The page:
The trail goes downhill for a while, then reverses and goes uphill for a short distance before turning back downhill. Any water running down the trail will run off where the trail goes back uphill, even if it has to pool up and flow over a berm.

It's not impossible to add them to a trail that's already been built, but it's way easier to incorporate them when laying out a new trail.

It's also surprisingly difficult to get a photo of one, they just kind of blend in. Without somebody else standing on the trail to lend perspective, they are hard to see.

We worked for about 2 and a half hours. When I'd ridden a few weeks back, the soil was still soft and loose. Since then it's firmed up a bit and knocking it down was much harder labor than I've done, perhaps in my life. I've built fences and bridges, shoveled dirt and concrete all day, placed rip-rap, cleared downed trees from our yard and on top of our house back in Louisiana when Hurricane Andrew came through for 2 days straight, moved 7 times, cut trail, cut brush, cleared dips and water bars, and probably a million other things. If it's generally considered labor intensive, I've done it, but for whatever reason, deberming that trail seemed infinitely more difficult than any of those things. Infinitely. Maybe it's because I'm still recovering from illness. Maybe it's because it was 95 degrees outside. Maybe I've just gotten soft. Whatever it was, I was completely smoked. I had energy, but no muscles left to burn it. I can't even imagine breaking rocks all day on a chain gang. Me and Stephen were joking about what it would have been like working on a railroad in the 1800's. Funny thing though, neither he nor Dave, nor the guy in the Hall County Fire shirt seemed all that worn out. Tired perhaps, but not crushed like me. Lame. I can't hang.

Few things compare to walking off a trail, filthy, sweaty, starving and thirsty and seeing a lunch table set up in the shade across the parking lot. The lunch spread was glorious.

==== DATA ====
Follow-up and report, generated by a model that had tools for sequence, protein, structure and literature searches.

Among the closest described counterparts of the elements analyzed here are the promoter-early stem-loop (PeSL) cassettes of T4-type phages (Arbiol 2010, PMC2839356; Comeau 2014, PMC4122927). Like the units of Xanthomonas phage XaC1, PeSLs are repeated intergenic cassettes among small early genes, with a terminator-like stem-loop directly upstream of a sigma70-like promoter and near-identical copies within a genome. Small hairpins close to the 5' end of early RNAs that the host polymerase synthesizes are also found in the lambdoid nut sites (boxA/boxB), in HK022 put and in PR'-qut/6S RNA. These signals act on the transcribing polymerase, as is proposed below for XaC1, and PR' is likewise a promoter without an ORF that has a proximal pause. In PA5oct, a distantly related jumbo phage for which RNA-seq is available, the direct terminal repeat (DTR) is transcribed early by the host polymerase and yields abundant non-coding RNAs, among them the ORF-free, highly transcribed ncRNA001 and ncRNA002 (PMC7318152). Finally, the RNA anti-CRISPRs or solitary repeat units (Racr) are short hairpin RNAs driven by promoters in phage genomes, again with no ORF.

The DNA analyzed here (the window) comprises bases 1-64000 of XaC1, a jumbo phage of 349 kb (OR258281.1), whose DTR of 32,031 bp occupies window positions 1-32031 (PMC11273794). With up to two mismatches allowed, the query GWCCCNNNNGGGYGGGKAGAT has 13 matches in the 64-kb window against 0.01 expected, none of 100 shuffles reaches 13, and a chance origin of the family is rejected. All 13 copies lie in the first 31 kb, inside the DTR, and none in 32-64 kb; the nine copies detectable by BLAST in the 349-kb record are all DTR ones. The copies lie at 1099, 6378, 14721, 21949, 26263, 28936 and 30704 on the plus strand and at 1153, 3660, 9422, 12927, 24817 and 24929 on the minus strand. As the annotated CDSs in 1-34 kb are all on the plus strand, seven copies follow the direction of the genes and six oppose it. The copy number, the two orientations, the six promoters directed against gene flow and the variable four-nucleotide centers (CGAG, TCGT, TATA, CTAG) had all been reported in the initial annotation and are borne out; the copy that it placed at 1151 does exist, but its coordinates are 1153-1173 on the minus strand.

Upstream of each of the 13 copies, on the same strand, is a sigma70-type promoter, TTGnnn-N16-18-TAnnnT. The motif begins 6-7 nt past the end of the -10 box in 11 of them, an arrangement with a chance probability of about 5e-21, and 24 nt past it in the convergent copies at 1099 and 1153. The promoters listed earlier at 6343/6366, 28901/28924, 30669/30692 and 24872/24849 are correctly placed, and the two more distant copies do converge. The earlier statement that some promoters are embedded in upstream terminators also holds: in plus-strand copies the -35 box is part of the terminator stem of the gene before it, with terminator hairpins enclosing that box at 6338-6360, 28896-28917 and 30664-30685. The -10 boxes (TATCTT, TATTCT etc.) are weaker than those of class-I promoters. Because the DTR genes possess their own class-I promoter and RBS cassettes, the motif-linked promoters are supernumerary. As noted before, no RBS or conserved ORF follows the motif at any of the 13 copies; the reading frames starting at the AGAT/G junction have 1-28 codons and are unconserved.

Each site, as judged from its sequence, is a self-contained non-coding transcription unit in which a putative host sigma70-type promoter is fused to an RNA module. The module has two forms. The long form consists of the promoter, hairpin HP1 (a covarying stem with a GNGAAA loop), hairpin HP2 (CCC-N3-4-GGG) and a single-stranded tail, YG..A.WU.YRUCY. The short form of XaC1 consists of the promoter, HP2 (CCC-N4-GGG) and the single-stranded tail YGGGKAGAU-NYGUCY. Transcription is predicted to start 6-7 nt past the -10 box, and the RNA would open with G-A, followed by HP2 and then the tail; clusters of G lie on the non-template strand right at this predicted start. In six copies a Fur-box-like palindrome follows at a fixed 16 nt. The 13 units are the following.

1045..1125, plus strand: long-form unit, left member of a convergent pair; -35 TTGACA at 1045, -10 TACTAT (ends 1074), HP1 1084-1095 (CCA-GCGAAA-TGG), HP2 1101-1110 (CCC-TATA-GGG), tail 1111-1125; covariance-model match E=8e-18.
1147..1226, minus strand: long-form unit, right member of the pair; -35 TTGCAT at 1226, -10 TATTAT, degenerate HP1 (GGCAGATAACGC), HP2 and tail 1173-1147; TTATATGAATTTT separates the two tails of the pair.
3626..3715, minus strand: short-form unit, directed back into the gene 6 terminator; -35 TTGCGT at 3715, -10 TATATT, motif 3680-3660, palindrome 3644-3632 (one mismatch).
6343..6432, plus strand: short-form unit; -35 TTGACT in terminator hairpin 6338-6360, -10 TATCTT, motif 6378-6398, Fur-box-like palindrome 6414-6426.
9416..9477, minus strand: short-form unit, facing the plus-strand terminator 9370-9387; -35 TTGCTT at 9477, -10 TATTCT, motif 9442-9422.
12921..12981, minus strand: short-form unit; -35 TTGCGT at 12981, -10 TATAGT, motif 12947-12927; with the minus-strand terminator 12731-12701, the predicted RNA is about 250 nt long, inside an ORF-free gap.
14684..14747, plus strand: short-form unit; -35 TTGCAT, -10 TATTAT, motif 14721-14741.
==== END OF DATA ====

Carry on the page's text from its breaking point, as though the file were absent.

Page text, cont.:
Especially the watermelon.


Seriously, nothing tastes better than watermelon when you're hot and tired, and I was both; hot, and tired.


Post lunch, Debbie and I hiked out back along the trail to see what we'd gotten done and measure the distance. A third lady joined us, but dangit, I can't remember her name now. The total tally: 6 tenths of a mile. It was disappointing, to say the least. I'd have guessed around a mile and a quarter, but it was scarcely half that. Humberto guessed the distance exactly though. I shouldn't say guessed, I think he just knew.

"We're gonna need a bigger boat."

Fortunately, the steeper the backslope, the less deberming there is to do and the easier it is. The first mile or so needs the most work. The rest should go more quickly, though probably not quickly in the absolute sense. It's going to take a while and it's going to be a lot of work. Once it's done though, it'll be years before it needs to be done again, if ever.

We could use some help. Here's the schedule for the rest of the work parties this year.

* July 9
* August 6
* September 11
* October 1
* November 5

I'm going to see what I can to do host additional work parties up there too. Join the facebook group Bull Mountain/Jake Mountain Trail Parties for more info.

The new trails are some of the best in the National Forest, give them a try. If you like what you see, give us a hand.